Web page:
It is well-known that volcanoes are dominated by non-linear processes, and continuous records over long periods of time are required to capture all aspects of volcanic seismicity. Thus, we will create a Parametric Seismic Database for long time series at a set of volcanoes using the vector of features defined above. Therefore, once the best set of features has been defined, FEMALE will transform the original raw seismic data bases into a new parametric seismic database, i.e., the transformation of the original long time series of seismograms to a new set of parametric matrices.

WP2.1. Selection of the test volcanoes: acquisition of long-duration and continuous seismic data

We have selected three reference volcanoes from different eruptive regimes which can be used as models for most of the active volcanoes of the World: effusive (Kilauea), mixed effusive-explosive (Mt. Etna), dome-explosive (Asama). The case of Asama volcano is special, not only because is a very active scenario, but also the original classification of volcanic earthquakes of Minakami20 is from this volcano, and it will be interesting to see how state-of-the-art techniques may change many decades old view. For these volcanoes seismic records are publicly available including both many stations and cover a long time-span (15-20 years). They are also easily transferable to the Cloud services for storage and analysis. The advantage of the Cloud is the fast and universal access for all researchers involved in this work.

The working team will be leader by Prof. Ibáñez with a direct collaboration with Drs. Prudencio, Feriche, García-Yeguas of the Research Team and several members of the Working Team.

WP2.2. Transformation of the 2D seismogram into a parameter matrix representation

. For each seismogram we will select an interval of time (5 minutes long, overlapped 50%) and over this interval the parametric transformation will be computed. For each interval we will create a vector of parameters with dimension D (D being the number of parameters defined in WP1). Each vector will be stacked onto the previous ones, forming a matrix that grows over time. The best manageable option is to create a daily matrix (24 h of record, with 576 rows). For each three component stations this matrix will be created for each component. The procedure will be applied to data from all available seismic stations, covering the entire available time period, and for all selected volcanoes (Figure 5). The final product will be a set of matrices containing characteristics and parameters of each seismic data stream. The conversion from the 2D seismogram space to the embedded matrix space could be exportable as matrices that can be easily indexed. Each matrix will be additionally identified with complementary information such as the volcano, seismic network and station, ground component, starting time of the analysis, duration, sampling rate and characteristic of the instruments, among others. This information can be created in parallel as metadata bases.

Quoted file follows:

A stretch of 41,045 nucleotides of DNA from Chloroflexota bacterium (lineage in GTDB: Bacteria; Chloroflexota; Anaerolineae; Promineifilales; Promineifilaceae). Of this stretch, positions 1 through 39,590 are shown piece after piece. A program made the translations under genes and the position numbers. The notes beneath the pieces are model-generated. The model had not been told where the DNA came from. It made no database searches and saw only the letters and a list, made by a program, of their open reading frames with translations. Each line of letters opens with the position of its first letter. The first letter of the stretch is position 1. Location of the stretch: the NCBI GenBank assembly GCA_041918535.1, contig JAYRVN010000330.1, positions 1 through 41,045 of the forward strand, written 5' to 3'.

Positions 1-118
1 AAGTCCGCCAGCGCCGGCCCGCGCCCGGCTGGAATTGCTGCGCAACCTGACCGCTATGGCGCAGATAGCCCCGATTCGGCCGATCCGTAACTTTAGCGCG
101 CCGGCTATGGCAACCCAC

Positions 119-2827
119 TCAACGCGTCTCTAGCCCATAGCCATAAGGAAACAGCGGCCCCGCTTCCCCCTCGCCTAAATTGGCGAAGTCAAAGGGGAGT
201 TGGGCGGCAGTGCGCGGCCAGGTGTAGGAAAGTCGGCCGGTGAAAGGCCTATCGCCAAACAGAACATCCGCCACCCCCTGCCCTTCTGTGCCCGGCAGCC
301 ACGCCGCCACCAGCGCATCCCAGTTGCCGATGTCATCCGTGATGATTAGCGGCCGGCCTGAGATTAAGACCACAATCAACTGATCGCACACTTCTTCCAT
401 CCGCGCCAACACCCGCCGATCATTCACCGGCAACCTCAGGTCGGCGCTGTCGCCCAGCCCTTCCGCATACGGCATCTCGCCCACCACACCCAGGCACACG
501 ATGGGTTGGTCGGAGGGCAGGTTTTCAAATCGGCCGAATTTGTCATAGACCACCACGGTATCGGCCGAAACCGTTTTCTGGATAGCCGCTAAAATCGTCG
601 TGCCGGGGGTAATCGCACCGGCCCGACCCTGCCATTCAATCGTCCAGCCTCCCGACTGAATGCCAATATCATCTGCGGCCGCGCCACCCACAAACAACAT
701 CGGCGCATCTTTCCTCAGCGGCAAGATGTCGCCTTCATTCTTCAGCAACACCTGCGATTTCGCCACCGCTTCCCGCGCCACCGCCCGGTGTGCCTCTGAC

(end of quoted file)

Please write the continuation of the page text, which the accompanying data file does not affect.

The working team will be leader by Prof. Ibáñez with a direct collaboration with Drs. Benitez, Prudencio, Alguacil and Mota of the Research Team and several members of the Working Team.

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